Panama's Plastic Bottle Village Will Be Constructed From Recycled PET Bottles

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Photo Credit: Plastic Bottle Village

Though the detrimental impact of plastic on the environment is well-known, consumption of drinks bottled in polyethylene terephthalate (PET) — the most commonly used polymer — continues to rise at alarming levels. According to experts, over 22,000 plastic bottles are discarded every second, and the numbers are only growing. While a fraction of them do get recycled, most end up in the ocean, where they disintegrate into smaller pieces and are often mistaken for food by innocent fish and birds.

Now, Robert Bezeau has come up with an idea that may not solve the world’s plastic woes, but will at least make a dent and hopefully inspire others — He plans to use the plastic soda bottles to build an entire village in the jungles of Bocas del Toro, Panama.

Photo Credit: Plastic Bottle Village

The Canadian entrepreneur, who has been living in the Central American country for many years, spearheaded Bocas Del Toro’s inaugural recycling project in 2012, after noticing plastic waste being carelessly tossed on the island’s beautiful beaches. During the year and a half it was in operation, Bezeau and his volunteers collected over a million plastic bottles!

While those recycling efforts have since ended, Bezeau was unable to ignore the magnitude of the waste being generated. So in 2015, he came up with the idea of using the bottles to construct homes, and Plastic Bottle Village was born. The project that is located in Isla Colón, the northernmost and main island in the Bocas del Toro Archipelago, is still in its infancy. So far, only one two-story house has been built. But if Bezeau has his way, there will soon be an entire community residing in the 90 to 120 homes that he hopes will make up Plastic Bottle Village. The development will also include a vegetable and herb garden, a small boutique, and an eco-lodge.

Photo Credit: Plastic Bottle Village

If he can raise the funds, Bezeau also plans to build an education center complete with student dormitories so that others can learn how to use the plastic waste more productively. In keeping with the village’s location deep inside 83-acres of pristine jungle, everything will be as environmentally friendly as possible.

Innovative as the idea is, incorporating the plastic bottles into homes is surprisingly easy. The builders begin by constructing a steel frame that mimics the shape of the house and filling it with large PET bottles — the kind that usually contain soft drinks. Depending on the size, each home requires between 10,000 to 25,000 bottles. Once they are in place, necessary services like electric cables are installed. The bottle-filled frame is then plastered with layers of concrete after which come the windows, roof, and septic tank.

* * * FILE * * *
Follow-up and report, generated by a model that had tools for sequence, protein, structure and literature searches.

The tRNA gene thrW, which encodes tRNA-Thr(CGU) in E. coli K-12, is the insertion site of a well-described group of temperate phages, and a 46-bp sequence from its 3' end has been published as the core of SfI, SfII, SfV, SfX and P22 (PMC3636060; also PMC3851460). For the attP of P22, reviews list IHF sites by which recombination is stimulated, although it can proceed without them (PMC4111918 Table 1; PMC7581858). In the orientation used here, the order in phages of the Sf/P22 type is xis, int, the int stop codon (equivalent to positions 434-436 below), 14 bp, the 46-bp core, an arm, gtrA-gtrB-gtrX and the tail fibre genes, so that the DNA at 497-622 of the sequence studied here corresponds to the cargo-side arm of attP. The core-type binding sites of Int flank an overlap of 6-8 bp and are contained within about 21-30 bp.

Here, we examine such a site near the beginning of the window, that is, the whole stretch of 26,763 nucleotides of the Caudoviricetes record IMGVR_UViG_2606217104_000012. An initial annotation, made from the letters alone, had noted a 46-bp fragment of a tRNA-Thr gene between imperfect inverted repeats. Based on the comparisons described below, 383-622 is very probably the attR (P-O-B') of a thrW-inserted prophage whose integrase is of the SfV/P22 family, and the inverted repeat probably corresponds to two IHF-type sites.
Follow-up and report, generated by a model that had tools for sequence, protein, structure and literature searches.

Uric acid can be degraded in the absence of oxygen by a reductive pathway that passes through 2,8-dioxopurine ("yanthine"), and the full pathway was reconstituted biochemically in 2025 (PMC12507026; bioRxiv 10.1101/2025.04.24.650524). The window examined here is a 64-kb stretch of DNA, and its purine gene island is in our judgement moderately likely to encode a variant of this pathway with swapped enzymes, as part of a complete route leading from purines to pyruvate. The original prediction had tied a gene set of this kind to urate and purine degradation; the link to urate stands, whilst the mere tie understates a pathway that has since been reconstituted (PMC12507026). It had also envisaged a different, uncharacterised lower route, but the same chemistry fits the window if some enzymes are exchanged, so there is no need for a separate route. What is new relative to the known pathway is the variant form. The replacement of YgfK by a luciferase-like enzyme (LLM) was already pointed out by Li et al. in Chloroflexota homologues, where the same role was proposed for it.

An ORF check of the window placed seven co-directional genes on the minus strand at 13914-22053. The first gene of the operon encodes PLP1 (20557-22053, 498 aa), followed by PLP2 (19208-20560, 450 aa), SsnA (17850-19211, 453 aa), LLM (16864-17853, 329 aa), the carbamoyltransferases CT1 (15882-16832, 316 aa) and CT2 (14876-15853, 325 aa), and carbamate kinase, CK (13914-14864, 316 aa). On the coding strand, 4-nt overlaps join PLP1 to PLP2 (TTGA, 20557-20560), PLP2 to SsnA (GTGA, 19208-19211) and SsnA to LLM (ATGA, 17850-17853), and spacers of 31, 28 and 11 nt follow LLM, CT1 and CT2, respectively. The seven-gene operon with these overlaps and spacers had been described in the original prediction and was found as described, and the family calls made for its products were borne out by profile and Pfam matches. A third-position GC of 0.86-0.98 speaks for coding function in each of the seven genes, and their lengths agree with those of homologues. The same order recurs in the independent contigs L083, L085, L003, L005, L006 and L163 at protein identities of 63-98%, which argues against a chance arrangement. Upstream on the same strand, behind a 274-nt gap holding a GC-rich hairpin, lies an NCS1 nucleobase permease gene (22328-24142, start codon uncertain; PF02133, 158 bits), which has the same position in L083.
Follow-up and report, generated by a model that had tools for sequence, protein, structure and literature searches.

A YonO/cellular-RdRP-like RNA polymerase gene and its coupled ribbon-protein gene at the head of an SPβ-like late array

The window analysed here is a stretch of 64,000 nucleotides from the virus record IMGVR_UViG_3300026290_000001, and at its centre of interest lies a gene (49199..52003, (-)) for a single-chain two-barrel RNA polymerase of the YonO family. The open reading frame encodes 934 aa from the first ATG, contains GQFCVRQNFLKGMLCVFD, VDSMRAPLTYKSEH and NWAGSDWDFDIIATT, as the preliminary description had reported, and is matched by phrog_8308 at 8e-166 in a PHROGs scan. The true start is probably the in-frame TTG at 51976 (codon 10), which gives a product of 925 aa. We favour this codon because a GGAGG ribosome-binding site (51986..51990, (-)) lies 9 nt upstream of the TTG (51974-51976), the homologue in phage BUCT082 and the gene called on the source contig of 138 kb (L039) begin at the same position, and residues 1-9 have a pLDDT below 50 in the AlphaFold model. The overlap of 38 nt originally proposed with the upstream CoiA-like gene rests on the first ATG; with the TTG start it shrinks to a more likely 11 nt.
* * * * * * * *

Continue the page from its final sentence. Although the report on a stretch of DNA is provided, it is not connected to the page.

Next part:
Photo Credit: Plastic Bottle Village

Interestingly, the environmental benefits of using the plastic bottles for construction go beyond reducing the amount of waste in our oceans. As it turns out, the bottles are good insulators and help keep the interior of the home at a comfortable temperature, alleviating the need for expensive, energy-draining air conditioners. This is a significant advantage in tropical countries like Panama, where the weather is warm year round. Even better? The homes, which will range in price from $149,000 to $300,000 USD, are also earthquake resistant, which is important given that Panama is susceptible to the seismic activity.

Though Bezeau is the first person to build an entire village using PET bottles, he is not the brainchild behind this innovative idea. Honduras-based Eco-Tec has been using the bottles to construct homes, schools, bus stops, and even furniture in developing nations since 2001.

But while these endeavors are a smart way to utilize the plastic waste, they are not the solution to our environmental woes. The only way to solve the issue is by becoming more conscious about our consumption habits. Though the smartest thing to do is avoid plastic bottles altogether, recycling them responsibly will also go a long way in curbing the amount of plastic that ends up in our oceans each year — So be sure to do your part!


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